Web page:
Full Text Available Improvement in animal productivity has been achieved over the years through careful breeding and selection programs. Today, variations in the genome are gaining increasing importance in livestock improvement strategies. Genomic information alone however explains only a part of the phenotypic variance in traits. It is likely that a portion of the unaccounted variance is embedded in the epigenome. The epigenome encompasses epigenetic marks such as DNA methylation, histone tail modifications, chromatin remodeling and other molecules that can transmit epigenetic information such as non-coding RNA species. Epigenetic factors respond to external or internal environmental cues such as nutrition, pathogens and climate, and have the ability to change gene expression leading to emergence of specific phenotypes. Accumulating evidence shows that epigenetic marks influence gene expression and phenotypic outcome in livestock species. This review examines available evidence of the influence of epigenetic marks on livestock (cattle, sheep, goat and pig traits and discusses the potential for consideration of epigenetic markers in livestock improvement programs. However, epigenetic research activities on farm animal species are currently limited partly due to lack of recognition, funding and a global network of researchers. Therefore, considerable less attention has been given to epigenetic research in livestock species in comparison to extensive work in humans and model organisms. Elucidating therefore the epigenetic determinants of animal diseases and complex traits may represent one of the principal challenges to use epigenetic markers for further improvement of animal productivity.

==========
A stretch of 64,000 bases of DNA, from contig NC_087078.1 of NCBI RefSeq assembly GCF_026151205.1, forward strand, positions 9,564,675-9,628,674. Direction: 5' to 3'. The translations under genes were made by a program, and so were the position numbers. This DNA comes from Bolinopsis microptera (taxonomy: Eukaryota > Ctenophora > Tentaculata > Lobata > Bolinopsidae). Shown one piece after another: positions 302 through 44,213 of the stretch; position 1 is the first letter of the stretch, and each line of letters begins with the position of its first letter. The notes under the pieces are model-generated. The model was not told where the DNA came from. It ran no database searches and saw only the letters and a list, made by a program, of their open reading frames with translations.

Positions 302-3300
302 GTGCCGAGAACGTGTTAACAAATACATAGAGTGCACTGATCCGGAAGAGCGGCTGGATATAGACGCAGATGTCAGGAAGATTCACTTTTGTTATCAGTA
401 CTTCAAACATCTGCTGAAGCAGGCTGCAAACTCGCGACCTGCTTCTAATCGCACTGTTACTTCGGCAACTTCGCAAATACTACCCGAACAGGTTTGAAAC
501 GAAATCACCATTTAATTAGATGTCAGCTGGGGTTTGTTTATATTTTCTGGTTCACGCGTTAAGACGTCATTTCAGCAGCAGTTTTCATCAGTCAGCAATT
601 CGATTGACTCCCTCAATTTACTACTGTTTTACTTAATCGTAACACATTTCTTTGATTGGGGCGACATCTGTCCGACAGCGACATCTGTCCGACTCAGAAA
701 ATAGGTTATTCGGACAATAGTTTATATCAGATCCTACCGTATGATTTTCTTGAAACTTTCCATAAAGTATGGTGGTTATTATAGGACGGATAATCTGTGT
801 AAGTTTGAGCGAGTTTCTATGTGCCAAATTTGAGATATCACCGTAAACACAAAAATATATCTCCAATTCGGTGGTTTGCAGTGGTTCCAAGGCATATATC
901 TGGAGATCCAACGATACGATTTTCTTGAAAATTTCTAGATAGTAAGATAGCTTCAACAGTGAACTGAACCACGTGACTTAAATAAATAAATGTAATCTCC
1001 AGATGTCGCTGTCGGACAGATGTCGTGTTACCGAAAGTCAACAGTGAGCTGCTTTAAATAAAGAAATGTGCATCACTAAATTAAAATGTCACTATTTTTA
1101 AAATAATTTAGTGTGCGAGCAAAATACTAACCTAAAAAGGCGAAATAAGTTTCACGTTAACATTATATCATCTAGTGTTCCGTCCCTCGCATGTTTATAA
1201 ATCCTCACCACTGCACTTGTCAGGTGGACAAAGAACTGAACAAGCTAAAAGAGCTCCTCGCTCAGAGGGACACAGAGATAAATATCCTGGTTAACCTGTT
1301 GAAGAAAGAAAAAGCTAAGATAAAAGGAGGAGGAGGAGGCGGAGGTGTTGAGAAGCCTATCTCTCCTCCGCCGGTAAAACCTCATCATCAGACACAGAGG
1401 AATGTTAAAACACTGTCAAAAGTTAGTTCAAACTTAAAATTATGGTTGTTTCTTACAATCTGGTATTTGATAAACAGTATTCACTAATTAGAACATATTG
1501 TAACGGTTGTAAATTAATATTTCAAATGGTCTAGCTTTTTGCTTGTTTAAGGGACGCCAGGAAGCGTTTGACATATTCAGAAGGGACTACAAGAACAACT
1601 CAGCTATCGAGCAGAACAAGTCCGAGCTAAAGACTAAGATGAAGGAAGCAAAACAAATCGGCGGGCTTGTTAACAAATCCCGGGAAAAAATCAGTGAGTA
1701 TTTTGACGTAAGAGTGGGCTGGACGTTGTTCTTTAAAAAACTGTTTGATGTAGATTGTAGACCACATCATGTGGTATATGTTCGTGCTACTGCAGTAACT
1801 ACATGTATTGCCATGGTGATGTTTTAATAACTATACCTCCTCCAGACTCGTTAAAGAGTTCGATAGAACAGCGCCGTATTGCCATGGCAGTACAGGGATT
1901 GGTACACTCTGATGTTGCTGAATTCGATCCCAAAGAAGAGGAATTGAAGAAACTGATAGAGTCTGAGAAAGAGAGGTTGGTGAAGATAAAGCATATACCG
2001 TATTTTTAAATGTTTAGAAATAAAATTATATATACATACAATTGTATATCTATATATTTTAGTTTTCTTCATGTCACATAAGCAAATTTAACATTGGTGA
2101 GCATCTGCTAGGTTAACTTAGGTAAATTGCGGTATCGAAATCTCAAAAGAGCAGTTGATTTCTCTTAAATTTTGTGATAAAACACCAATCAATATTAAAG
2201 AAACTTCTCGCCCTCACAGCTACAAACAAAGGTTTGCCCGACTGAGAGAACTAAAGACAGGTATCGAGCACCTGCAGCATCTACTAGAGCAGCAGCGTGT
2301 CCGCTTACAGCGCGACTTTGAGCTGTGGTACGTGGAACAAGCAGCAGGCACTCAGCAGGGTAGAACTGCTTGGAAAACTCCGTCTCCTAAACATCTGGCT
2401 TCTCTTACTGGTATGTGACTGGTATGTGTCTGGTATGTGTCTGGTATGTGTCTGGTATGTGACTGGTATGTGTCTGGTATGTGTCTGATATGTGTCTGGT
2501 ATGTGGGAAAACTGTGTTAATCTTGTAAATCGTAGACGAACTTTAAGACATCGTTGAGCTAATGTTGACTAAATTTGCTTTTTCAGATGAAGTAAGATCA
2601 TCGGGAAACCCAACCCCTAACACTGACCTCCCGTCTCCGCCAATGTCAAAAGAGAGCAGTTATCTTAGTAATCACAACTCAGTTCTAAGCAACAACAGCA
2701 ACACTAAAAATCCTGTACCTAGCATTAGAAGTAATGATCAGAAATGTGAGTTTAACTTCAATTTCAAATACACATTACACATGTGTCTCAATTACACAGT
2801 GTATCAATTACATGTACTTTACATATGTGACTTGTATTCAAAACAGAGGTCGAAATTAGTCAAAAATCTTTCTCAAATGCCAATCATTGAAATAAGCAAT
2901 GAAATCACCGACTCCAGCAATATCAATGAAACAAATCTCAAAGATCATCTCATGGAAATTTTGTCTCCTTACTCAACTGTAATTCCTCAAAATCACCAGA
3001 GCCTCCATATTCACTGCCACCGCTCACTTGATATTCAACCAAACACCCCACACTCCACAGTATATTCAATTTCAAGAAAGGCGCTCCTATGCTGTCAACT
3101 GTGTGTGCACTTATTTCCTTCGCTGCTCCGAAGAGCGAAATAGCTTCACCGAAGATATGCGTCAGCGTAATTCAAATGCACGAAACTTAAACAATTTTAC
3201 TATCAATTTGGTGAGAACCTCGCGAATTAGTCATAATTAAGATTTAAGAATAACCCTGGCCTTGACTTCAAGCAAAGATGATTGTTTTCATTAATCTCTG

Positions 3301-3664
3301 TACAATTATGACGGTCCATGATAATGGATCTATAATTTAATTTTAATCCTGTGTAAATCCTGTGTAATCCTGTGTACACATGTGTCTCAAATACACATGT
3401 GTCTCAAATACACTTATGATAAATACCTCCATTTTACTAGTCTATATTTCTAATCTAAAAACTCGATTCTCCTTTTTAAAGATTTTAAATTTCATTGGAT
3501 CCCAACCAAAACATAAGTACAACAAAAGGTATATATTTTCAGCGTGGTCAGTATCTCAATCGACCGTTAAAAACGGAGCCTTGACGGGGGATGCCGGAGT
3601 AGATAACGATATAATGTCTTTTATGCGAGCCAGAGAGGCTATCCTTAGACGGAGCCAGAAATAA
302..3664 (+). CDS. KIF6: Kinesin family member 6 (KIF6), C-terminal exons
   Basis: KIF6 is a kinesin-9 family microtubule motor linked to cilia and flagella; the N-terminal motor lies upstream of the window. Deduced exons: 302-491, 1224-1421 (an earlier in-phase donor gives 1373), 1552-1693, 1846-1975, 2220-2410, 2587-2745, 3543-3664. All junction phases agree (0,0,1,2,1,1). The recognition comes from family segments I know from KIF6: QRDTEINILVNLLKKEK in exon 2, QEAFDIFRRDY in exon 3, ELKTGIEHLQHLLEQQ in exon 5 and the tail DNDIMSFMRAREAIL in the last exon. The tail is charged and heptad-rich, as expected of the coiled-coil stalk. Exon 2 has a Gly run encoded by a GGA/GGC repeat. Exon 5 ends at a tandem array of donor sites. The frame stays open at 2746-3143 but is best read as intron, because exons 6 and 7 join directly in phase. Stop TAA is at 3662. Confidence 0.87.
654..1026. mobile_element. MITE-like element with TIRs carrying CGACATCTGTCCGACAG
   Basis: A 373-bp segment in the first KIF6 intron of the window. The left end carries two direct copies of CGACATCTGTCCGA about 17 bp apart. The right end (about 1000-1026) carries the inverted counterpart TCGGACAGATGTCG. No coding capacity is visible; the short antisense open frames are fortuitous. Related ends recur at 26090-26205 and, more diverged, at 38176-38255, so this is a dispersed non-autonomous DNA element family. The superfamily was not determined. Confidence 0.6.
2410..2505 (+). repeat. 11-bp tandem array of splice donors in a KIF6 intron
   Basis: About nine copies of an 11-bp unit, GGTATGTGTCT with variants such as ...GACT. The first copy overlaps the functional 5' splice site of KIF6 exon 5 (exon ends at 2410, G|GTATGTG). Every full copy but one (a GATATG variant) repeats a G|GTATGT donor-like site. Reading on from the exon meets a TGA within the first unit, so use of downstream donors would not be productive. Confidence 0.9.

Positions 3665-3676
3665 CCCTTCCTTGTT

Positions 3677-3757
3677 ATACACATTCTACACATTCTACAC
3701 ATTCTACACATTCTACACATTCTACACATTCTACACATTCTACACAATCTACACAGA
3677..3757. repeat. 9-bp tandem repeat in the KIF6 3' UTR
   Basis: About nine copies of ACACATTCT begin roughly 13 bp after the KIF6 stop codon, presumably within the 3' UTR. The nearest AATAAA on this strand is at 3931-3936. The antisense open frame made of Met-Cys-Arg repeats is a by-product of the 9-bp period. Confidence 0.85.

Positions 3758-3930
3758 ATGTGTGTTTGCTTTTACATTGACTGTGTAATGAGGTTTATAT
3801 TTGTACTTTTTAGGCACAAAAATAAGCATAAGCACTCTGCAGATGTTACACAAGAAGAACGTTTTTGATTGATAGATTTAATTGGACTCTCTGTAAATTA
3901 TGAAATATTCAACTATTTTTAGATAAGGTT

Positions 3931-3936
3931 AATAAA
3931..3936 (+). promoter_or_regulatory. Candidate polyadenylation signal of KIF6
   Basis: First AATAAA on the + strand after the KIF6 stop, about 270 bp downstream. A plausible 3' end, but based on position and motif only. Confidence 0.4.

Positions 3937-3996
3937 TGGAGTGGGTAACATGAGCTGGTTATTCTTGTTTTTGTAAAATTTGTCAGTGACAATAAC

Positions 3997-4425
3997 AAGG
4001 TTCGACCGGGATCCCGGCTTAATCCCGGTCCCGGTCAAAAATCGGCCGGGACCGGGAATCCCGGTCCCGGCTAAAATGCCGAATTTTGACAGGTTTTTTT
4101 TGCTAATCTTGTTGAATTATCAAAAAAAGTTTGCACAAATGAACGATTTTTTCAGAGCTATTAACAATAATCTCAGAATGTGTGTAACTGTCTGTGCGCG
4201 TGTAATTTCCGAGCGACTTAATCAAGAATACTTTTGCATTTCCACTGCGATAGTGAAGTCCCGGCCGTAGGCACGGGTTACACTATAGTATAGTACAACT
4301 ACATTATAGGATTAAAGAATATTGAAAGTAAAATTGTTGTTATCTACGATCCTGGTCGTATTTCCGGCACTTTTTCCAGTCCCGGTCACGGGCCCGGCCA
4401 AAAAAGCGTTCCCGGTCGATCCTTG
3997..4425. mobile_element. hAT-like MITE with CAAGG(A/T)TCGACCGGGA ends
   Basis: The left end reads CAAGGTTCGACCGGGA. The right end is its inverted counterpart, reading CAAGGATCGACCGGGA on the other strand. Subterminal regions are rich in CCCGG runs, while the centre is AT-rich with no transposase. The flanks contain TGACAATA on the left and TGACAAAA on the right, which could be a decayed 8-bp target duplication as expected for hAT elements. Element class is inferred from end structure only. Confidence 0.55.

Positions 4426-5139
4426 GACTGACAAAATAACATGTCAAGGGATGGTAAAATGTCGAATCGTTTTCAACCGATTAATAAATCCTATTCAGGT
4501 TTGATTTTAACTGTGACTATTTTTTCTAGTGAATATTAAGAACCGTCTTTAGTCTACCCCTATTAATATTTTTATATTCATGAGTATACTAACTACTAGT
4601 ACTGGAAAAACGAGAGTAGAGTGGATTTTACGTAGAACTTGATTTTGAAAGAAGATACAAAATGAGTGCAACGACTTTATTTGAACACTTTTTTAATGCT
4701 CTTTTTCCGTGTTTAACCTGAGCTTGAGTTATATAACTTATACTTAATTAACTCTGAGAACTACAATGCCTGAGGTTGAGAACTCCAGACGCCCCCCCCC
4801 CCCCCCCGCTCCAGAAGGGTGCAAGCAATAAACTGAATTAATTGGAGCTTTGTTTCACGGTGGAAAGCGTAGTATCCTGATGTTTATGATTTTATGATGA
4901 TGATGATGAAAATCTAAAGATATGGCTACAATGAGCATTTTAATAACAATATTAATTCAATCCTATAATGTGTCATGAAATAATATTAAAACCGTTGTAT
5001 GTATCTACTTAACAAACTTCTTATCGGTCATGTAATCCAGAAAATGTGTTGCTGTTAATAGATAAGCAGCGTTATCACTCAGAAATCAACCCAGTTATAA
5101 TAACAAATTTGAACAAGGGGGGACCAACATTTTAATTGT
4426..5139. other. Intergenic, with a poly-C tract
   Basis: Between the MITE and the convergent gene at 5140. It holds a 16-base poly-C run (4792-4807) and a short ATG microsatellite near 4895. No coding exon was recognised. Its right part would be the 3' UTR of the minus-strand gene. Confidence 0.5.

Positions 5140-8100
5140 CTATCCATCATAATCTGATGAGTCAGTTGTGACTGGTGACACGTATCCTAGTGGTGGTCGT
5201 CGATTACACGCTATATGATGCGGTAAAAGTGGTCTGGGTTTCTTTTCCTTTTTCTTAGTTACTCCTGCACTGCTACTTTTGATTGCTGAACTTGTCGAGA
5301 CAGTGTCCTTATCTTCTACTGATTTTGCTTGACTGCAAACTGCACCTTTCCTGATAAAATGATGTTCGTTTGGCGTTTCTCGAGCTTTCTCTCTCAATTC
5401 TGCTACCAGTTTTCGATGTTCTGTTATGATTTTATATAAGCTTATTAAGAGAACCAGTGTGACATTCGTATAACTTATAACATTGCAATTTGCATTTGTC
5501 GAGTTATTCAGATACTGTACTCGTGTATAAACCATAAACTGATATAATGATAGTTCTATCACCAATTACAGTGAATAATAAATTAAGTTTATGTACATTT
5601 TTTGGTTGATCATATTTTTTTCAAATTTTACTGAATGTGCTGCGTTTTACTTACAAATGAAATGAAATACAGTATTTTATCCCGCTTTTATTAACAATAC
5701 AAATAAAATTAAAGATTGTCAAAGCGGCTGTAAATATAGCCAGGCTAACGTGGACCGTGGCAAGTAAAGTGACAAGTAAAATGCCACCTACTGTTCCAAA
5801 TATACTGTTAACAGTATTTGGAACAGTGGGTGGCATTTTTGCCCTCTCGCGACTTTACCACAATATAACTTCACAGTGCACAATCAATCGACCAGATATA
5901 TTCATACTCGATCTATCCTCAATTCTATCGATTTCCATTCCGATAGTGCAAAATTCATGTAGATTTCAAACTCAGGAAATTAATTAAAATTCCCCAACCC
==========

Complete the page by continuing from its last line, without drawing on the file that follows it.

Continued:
17. Family Open House

    Science.gov (United States)

    Search Family Open House Join us for an afternoon of science fun. The Fermilab Family Open House is a party for children of all ages to learn about the world of physics. The Open House is supported by Open House? Check out our YouTube video to learn more! Explore physics concepts with hands-on

  18. Electronics

    Science.gov (United States)

    2001-01-01

    International Acer Incorporated, Hsin Chu, Taiwan Aerospace Industrial Development Corporation, Taichung, Taiwan American Institute of Taiwan, Taipei, Taiwan...Singapore and Malaysia .5 - 4 - The largest market for semiconductor products is the high technology consumer electronics industry that consumes up...Singapore, and Malaysia . A new semiconductor facility costs around $3 billion to build and takes about two years to become operational

  19. Greenhouse gas and livestock emissions and climate change

    DEFF Research Database (Denmark)

    Caro, Dario

    2018-01-01